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post #5 of 38 (permalink) Old 02-14-2019, 02:50 AM
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Quote: Originally Posted by BroadPwns View Post
Keep in mind that the main reason behind delidding is replacing a TIM for something the most efficient and durable, paste will require changing after a "while". Reconsider using liquid metal.
I'd use LM too but I've seen results within a few C of LM with normal paste. As long as you know it won't last 5 years and you don't seal it up, there's really not a downside to just using paste.
It will still last a very long time.

Quote: Originally Posted by SpeedyVT
If you're not doing extreme things to parts for the sake of extreme things regardless of the part you're not a real overclocker.
Quote: Originally Posted by doyll View Post
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post #6 of 38 (permalink) Old 02-14-2019, 03:26 AM
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It's very easy to do it,once you have removed the ihs.
So go for the liquid metal and just use polish at the vrms.
I delidded my 4690 2 years ago and temps are as good as they were then.
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post #7 of 38 (permalink) Old 02-14-2019, 03:00 PM - Thread Starter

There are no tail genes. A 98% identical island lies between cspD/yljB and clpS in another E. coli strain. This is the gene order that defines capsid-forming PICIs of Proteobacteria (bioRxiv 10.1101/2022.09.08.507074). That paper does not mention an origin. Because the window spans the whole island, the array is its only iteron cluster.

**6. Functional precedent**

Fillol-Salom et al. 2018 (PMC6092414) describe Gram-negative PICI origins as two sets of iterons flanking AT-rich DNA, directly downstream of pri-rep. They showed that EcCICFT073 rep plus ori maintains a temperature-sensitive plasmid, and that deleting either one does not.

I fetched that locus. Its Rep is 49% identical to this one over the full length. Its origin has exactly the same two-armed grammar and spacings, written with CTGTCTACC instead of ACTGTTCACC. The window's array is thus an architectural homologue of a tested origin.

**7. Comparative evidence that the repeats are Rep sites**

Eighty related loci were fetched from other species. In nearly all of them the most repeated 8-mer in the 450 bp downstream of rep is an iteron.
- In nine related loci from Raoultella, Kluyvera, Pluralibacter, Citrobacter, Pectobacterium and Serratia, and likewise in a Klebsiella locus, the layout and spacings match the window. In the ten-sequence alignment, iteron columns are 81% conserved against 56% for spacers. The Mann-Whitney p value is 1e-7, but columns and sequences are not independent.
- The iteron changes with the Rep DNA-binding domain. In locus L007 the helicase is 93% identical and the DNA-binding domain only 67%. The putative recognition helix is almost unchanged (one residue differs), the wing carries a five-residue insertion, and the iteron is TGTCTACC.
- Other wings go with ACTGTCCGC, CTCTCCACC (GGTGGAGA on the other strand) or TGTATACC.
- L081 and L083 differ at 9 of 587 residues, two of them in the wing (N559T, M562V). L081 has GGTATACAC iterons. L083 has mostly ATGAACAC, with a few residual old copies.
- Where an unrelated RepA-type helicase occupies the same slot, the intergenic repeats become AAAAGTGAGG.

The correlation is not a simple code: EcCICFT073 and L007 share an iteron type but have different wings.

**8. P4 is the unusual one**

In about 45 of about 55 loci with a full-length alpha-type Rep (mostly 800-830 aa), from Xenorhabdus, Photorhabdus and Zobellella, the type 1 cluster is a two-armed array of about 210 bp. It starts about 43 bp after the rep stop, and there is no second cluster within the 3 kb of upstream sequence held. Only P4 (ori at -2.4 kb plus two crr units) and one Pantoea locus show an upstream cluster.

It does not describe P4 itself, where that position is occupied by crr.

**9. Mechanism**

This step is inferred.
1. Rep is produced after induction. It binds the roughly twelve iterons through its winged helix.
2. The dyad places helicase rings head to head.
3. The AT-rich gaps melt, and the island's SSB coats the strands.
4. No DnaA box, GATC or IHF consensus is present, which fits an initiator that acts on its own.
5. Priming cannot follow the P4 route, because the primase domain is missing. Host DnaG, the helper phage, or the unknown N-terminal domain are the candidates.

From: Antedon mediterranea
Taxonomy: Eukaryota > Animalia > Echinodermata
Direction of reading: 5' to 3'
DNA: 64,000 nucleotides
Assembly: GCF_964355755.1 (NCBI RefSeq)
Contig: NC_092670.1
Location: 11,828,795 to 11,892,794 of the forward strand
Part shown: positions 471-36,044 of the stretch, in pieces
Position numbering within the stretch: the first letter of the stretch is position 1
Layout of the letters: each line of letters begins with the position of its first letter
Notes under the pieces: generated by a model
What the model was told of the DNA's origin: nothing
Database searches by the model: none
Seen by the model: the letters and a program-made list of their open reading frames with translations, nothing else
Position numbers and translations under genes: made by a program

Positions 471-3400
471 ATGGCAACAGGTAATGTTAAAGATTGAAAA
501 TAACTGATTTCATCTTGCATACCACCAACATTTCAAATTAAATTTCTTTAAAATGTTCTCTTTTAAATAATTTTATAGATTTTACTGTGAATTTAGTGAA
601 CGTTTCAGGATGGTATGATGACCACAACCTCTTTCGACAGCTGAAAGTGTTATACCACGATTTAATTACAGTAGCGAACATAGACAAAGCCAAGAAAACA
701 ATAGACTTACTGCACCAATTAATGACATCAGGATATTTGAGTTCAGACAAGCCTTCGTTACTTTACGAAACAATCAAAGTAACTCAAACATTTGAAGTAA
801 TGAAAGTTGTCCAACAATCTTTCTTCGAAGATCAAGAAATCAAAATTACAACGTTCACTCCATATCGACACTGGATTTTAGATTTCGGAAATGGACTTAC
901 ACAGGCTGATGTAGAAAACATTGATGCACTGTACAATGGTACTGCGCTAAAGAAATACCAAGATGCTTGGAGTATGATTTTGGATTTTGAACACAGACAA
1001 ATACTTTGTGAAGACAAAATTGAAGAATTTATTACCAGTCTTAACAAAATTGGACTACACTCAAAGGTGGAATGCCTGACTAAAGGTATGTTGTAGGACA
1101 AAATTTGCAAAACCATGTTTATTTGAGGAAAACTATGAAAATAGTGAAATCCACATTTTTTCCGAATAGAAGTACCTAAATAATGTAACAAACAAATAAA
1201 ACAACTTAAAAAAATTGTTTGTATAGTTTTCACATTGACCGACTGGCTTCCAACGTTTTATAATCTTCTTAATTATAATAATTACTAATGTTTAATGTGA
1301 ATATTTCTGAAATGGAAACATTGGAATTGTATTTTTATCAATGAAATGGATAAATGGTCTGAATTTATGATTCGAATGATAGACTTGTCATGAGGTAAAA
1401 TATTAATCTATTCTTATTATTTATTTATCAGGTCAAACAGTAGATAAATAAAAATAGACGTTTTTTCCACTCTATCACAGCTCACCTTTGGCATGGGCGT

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Just bought liquid metal because of your advice :-)
Would you suggest putting liquid metal on IHS too, or just the CPU die?
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post #8 of 38 (permalink) Old 02-14-2019, 03:01 PM
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CPU Die and inside part of IHS as well, I didn't do it once and had much worse effect in final performance.

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post #9 of 38 (permalink) Old 02-14-2019, 03:10 PM
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I've done it both ways with the same results but to be safe you might as well paint it on. The best thing I've found for spreading is those cheap paint brushes with nylon bristles. They don't absorb any at all.

Now you do need to clear over the caps. On Haswell the die is very close to the row of caps and the LM spreads out over time.

Quote: Originally Posted by SpeedyVT
If you're not doing extreme things to parts for the sake of extreme things regardless of the part you're not a real overclocker.
Quote: Originally Posted by doyll View Post
The key is generally not which brands are good but which specific products are. Motherboards and GPUs are perfect examples of companies having everything from golden to garbage function/quality.
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post #10 of 38 (permalink) Old 02-14-2019, 03:19 PM
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LM at both the ihs and the die.
But don't overdo it.
Also insualte carefully the vrms and you'll be ok.
I got minus 15C at my cpu.
At 4.6Ghz I hit 100C at 2 mins of prime.Now it won't pass 85C after hours of stressing.